Ted laid out his plans for the battery house. He had already explained everything to Alina, but it was all new to Mihaela. She listened in silence as Ted explained the different features of the facility and how it would work. He told them he already had a draft contract with a supermarket chain to sell the eggs.

When he had finished Mihaela asked “And how much will this cost?”. “$240,000” said Ted, “and I have an appointment with the bank manager in Sunbury tomorrow to raise a loan. I have already shown him the plans and the bank has agreed to lend the money”.

Alina said “Mother, please consider it. Ted has worked so hard on this and other projects to secure our future. Please”.

“All right, just for you I will come and listen, but I don’t promise anything.”

The next day the three of them were in Jack Ridley’s office at First National. Ridley was in charge of commercial loans.

“This was an unusually well put together proposal,” said Ridley. “Our loans committee in Pittsburgh were impressed and had no hesitation in approving this loan, especially since Ted has already negotiated a draft sales agreement with Golden Chain supermarkets.”

“So, what do you want from me?” said Mihaela.

“Well, we will require a lien over the farm,” said Ridley. “Since you are the sole owner listed on the deeds, we need you to sign the documents”.

“I need to see what I am to sign “ said Mihaela.

For the next hour she poured over the documents asking questions here and there.

“What’s this clause 15c(i)” she said.

“It requires you to keep insurance over the facility” said Ridley “and you must send us a copy of the insurance certificate each year. It’s a standard clause”.

At the end of the hour Mihaela looked up and said “No”.

“What do you mean no” said Alina “Ted has worked so hard on this. You can’t just say no”.

“I can and I have” responded Mihaela.

They drove back to the farm in silence. Ted was deeply depressed. He felt his life’s work was controlled by this woman. What else could he do?

He went back to working on the farm, making improvements here and there. Conversations with his mother-in-law were very limited.

Spring passed into summer. The lambs sold well and the farm had a record year. In the fall there was a bumper crop of apricots.

There was also a flu epidemic. Mihaela was one of the victims. She spent a week on a ventilator in hospital before passing away.

Ted dreaded the reading of the will. He felt sure that Mihaela would have left the farm to some distant relative in Romania and his whole life’s work would have been for nothing. But his fears were ungrounded. Mihaila had left the farm jointly to Alina and Ted. Ted felt elated that finally he would have something to show for his efforts.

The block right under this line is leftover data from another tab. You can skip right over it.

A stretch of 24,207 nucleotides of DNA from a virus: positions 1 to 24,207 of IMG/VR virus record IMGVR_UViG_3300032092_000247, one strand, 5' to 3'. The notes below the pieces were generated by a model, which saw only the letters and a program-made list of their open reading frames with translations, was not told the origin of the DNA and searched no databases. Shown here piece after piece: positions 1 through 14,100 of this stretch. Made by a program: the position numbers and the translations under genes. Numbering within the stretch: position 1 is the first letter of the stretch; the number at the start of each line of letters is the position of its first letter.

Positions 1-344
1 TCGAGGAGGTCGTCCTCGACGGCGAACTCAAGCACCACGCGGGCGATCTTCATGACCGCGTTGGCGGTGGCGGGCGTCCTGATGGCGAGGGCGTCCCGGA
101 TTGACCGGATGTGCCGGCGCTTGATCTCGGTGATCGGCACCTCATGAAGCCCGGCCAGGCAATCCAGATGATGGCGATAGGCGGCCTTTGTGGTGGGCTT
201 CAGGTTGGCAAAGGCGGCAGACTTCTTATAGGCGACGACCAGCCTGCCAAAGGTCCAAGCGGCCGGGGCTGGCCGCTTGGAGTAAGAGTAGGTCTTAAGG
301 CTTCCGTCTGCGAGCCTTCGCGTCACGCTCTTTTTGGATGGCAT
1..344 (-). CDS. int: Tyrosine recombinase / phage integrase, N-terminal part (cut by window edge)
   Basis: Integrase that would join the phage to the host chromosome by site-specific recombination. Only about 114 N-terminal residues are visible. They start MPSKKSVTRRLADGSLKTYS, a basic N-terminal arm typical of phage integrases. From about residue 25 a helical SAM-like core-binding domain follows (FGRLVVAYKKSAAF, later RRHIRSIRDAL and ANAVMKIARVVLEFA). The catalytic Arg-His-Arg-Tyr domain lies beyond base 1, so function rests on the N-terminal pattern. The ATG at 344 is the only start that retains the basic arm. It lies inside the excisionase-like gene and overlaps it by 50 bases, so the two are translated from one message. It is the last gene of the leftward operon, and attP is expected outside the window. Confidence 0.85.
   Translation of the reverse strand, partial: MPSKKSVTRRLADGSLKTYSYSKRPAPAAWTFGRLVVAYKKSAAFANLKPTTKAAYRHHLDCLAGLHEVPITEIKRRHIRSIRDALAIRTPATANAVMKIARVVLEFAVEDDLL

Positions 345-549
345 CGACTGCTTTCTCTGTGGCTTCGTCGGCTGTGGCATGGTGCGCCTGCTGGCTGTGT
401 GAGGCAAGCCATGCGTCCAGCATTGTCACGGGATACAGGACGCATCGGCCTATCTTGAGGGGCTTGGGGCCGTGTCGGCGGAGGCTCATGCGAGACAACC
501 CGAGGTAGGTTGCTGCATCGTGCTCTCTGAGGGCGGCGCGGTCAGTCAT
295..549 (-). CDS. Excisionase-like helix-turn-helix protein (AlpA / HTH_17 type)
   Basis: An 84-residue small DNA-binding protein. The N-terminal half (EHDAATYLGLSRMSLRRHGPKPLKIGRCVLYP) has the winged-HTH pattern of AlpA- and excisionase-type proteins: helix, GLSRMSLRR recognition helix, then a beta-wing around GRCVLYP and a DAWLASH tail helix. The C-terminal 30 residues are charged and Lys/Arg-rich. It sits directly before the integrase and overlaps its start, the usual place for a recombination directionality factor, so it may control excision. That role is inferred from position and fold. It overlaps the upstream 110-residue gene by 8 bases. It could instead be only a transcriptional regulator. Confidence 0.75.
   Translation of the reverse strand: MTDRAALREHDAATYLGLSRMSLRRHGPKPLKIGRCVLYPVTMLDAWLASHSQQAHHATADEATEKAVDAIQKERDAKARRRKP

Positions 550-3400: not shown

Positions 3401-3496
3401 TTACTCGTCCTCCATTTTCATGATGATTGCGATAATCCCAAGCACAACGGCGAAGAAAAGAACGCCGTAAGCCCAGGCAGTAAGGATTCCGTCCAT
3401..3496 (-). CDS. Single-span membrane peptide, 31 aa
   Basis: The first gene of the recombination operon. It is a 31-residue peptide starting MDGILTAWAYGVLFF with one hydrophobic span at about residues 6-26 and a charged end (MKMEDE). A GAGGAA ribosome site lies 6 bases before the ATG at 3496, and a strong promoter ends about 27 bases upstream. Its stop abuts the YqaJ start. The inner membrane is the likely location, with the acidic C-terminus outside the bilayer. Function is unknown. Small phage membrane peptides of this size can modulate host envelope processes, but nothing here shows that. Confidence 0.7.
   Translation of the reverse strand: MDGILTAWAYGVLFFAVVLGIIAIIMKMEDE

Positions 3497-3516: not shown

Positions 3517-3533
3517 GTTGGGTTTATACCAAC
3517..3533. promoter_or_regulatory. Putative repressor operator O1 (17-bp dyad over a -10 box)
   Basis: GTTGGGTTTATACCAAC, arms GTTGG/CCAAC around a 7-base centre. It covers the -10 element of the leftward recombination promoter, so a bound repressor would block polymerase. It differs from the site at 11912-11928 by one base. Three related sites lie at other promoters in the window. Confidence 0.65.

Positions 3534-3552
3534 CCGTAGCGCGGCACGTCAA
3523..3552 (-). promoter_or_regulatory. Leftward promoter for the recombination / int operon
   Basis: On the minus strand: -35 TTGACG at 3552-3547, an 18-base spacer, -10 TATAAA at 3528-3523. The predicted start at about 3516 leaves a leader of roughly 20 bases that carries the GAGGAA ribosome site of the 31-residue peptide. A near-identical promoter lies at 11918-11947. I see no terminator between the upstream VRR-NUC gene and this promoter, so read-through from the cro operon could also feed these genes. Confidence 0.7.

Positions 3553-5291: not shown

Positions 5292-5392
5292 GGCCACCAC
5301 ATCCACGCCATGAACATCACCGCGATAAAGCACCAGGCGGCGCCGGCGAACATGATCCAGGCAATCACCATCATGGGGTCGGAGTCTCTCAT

Alina sensed his mood. She mourned for her mother, but she said to Ted “Let’s go and see that bank manager in Sunbury”.

Construction took place over the winter. In early spring twelve thousand chicks populated the new facility. Ted was busy night and day between the hens and the pregnant ewes.

Then one night they heard the owl’s hoot again, loud and echoing across the river valley. In the morning Ted went down to the riverside paddock. Three of the newborn lambs were dead – their necks pecked to pieces.

The next night was the same, with another three lambs dead.

On the third night, he left the house after dinner, taking his shotgun. “You can’t use that,” said Alina. “it’s illegal to shoot owls and what if”. She left the sentence unfinished but Ted knew what she was thinking.

“I don’t believe in old wives’ tales, and I’ll just use the gun to scare it off, whatever it is”.

He sat by the paddock and waited. At midnight a half moon rose in the sky. It cast a dim light over the country. An hour later he heard the beat of huge wings. An owl settled in the tree across the paddock from Ted. It was a Great-horned owl alright. Ted knew the horns were actually just feathers, but it gave the creature a devilish look. Ted stared at it again. Was he dreaming? It seemed to him that he was looking straight at the face of Mihaela.

Ted felt a shiver of fear run through him. Surely this was not possible. Then he remembered the dead lambs and his anger and frustration overcame him. He lifted his shotgun and fired. The creature fell dead from the tree.

When Ted got back to the house Alina asked him what had happened. She had heard the shot. He told her that he had seen the owl and had fired a shot in the air to scare it off. It had left. He told himself he would take one of his trusted employees to the paddock in the morning and bury the owl. Alina would never know.

In the morning he went over to the battery house to ask an employee to accompany him. The man was grim faced.

“What’s up,” said Ted.

The man explained that somehow a fox had got into the battery house. It had overturned some of the cages and released others. Quite a few of the young hens were dead, and the place was a real mess. “I had just arrived, and it ran out of that door,” said the man. “And the strangest thing happened. It looked back at me and laughed. And I could swear it was the laugh of an old woman.”

Short Story

About the author

Christopher Seymour

In my career as a mining engineer, I have lived in California, New Mexico, South Africa, Australia and the UK. I am now retired in Australia